WASHINGTON — U.S. textile groups have outlined policy recommendations for President-elect Barack Obama’s trade review team as the new administration begins formulating an agenda that will affect billions of dollars of global commerce.
The National Council of Textile Organizations and American Manufacturing Trade Action Coalition submitted proposals that include increasing resources for enforcement of trade agreements, creating separate advisory committees for domestic producers and importers, and cracking down on alleged subsidized Chinese imports.
Obama, who will be sworn in as the 44th U.S. president on Jan. 20, has solicited advice from hundreds of business, labor, governmental and consumer advocacy groups. His transition team has started posting the recommendations on its Web site at change.gov under the heading “Your Seat at the Table.”
A review of the Web site did not turn up policy recommendations from retail or apparel importer groups.
Textiles played a key role in Obama’s win in North Carolina, where he pledged to support five key textile-industry policy positions, including a monitoring program for Chinese apparel and textile imports.
Cass Johnson, president of NCTO, placed an emphasis on China in his policy paper, reiterating the industry’s long-standing call to extend a Vietnam import monitoring program, which expires at the end of the Bush administration, and expand it to include imports from China. Quotas on 34 apparel and textile import categories from China expire at the end of 2008.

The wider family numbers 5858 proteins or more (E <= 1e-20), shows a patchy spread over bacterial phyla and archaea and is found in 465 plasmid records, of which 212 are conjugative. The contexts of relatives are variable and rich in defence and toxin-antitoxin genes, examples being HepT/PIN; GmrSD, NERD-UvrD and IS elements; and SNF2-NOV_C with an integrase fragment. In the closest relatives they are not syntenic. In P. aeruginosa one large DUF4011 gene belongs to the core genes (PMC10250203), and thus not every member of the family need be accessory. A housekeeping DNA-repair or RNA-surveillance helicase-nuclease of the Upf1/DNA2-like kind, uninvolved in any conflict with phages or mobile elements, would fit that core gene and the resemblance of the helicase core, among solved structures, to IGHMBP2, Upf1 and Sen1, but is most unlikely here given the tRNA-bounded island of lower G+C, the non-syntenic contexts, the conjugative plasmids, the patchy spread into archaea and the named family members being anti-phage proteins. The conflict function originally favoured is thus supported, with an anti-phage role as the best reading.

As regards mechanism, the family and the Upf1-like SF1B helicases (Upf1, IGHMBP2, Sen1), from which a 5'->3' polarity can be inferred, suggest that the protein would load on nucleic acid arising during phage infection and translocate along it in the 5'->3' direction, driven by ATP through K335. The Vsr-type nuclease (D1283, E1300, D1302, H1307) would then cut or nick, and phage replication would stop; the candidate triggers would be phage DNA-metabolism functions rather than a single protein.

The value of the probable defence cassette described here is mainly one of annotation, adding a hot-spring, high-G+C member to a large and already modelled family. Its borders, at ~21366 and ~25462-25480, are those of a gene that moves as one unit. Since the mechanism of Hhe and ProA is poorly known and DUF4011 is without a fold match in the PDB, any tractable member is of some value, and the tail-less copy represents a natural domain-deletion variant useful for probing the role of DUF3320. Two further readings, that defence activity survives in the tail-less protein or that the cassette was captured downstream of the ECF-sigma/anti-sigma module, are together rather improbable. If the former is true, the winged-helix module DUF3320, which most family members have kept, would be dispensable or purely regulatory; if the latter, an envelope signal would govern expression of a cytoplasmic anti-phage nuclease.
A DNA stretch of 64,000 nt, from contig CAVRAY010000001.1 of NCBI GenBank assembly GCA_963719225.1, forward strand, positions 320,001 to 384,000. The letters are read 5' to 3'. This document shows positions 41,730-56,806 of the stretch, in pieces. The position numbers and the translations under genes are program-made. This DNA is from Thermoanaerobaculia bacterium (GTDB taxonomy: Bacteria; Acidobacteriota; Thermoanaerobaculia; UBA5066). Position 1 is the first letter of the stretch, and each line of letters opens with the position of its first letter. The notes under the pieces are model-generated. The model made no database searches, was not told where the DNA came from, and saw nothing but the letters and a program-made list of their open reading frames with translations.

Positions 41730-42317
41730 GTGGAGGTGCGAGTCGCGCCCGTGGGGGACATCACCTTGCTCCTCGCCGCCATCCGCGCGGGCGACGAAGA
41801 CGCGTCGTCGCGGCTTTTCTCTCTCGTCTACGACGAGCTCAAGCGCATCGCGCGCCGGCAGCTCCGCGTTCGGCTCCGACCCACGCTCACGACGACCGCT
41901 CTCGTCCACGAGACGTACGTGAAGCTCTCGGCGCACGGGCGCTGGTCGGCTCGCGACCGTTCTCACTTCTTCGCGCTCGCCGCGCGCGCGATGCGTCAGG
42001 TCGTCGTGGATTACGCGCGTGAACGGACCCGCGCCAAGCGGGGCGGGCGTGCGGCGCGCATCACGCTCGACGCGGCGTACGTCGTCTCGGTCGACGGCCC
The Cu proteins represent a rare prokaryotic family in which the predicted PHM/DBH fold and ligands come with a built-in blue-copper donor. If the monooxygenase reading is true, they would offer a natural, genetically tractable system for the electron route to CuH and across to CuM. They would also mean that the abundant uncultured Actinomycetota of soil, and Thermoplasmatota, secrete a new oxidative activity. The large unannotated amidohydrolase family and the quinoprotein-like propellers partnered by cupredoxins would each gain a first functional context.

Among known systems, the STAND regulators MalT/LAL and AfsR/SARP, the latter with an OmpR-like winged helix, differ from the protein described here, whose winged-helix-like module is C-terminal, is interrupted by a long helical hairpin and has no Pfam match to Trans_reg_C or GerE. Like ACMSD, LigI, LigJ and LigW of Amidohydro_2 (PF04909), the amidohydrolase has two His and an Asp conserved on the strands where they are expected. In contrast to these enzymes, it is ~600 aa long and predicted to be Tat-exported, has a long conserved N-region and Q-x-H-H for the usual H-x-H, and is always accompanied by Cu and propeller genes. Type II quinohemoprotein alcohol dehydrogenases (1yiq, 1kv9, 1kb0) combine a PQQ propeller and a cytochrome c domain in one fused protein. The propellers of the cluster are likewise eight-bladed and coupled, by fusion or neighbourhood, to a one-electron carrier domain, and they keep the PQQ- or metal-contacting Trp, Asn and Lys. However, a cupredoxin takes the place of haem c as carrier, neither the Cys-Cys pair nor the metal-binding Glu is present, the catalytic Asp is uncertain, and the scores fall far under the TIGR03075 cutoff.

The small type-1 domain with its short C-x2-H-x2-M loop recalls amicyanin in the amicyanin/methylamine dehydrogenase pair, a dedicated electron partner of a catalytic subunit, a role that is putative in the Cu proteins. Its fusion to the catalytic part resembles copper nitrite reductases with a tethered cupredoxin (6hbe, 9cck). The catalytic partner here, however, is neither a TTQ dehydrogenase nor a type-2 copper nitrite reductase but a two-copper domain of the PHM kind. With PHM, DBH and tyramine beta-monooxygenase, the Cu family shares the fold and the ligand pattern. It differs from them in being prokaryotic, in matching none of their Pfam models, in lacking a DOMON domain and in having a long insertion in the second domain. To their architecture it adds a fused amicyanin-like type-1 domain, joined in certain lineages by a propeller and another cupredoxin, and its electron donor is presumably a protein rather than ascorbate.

“NCTO is concerned that if Chinese exports surge in early 2008 that a significant time gap between staffing key decision-making positions in the Obama administration could result in the loss of tens of thousands of U.S. textile jobs — and hundreds of thousands of apparel jobs in other apparel-producing countries,” Johnson said.
Johnson reiterated the industry’s push to pursue a case at the World Trade Organization against China over alleged illegal apparel and textile subsidies. The Bush administration said it is considering filing a textile subsidies case against China at the WTO.
Both groups advised Obama’s trade transition team to overhaul the U.S. trade office, arguing that it is underfunded and understaffed and focuses too much on trade negotiations and not enough on enforcement.
“This lopsided approach has led to a proliferation of free trade agreements along with a sizable emphasis on the World Trade Organization Doha Round, with little attention as to whether the rights of U.S. manufacturing and service providers are being violated in the international trade arena,” said Auggie Tantillo, executive director of AMTAC.
Another recommendation made by both groups is to establish new requirements for participation in the government’s industry trade advisory committee.
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